Input to one member is that the Council shouldn’t spend its time doing the same things as other bodies. We should step back and ask larger questions. Examples included:

  • Could learners, or some learners, have the same teacher throughout their school experience, rather than the annual transition that now occurs?
  • The current redistribution process is also an opportunity to reconfigure our system. there is a need to look at what is working well and to get evidence regarding the outcomes of transitions through the system and into the workplace.
  • What can we learn from looking at the health system? They are some years ahead in terms of moving to integrated approaches and innovations – e.g. the current pilot to have paramedics provide palliative care in-home.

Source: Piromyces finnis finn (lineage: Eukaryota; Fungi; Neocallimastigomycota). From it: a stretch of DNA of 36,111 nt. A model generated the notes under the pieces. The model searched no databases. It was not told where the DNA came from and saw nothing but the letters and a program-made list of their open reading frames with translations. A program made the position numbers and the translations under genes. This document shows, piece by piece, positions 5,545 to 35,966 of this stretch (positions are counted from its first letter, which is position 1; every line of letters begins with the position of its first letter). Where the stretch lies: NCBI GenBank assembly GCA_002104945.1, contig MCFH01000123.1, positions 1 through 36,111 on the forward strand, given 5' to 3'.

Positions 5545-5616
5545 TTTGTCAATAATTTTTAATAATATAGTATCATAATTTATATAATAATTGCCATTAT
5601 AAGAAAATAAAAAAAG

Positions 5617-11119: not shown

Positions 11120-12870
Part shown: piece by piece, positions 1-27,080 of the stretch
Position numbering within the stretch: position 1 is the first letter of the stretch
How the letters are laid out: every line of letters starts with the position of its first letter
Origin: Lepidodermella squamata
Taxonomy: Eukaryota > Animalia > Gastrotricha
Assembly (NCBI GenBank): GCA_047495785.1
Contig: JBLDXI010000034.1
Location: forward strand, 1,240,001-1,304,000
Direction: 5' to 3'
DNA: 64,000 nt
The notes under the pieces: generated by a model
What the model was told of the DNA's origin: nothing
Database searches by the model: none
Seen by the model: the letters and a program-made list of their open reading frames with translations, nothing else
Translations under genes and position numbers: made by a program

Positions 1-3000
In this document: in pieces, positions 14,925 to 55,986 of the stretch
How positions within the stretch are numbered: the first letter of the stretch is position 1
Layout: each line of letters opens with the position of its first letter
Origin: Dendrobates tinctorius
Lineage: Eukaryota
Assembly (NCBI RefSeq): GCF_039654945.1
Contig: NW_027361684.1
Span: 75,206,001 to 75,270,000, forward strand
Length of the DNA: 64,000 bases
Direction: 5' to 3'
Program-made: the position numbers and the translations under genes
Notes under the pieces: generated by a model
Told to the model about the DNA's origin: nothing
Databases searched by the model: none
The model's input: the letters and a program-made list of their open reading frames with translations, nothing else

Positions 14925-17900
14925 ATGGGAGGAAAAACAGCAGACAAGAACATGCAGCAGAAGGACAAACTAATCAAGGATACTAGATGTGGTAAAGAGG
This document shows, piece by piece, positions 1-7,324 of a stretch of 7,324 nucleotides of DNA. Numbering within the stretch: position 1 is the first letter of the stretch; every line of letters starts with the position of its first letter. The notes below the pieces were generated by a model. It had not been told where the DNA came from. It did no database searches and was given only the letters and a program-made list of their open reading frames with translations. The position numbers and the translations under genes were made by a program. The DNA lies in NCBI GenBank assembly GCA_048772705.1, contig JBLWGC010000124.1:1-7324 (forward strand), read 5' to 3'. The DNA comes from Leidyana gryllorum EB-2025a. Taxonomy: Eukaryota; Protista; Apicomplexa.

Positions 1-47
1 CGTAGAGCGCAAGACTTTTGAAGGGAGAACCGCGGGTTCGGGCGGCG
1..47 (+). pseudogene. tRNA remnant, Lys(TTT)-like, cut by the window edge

Support was expressed for the three priorities set out in the paper – learner wellbeing, transitions, and partnerships – and for them to be portrayed as interwoven, rather than separate or sequential. The Smart Start programs by Chances at several city schools were cited as an example of these priorities in practice – not costly, but different, requiring everything to be rethought.

However, members also emphasized that it must be clear these are our initial priorities, not our only priorities. Some felt that more work was needed on these before releasing the paper.

The graphic was discussed with mixed views on whether an image was needed, and if so, what image to use – stool or bridge. The tree image, circulated after Meeting One, was noted as a holistic alternative.

Regarding the process for release of the paper, discussion included the following points: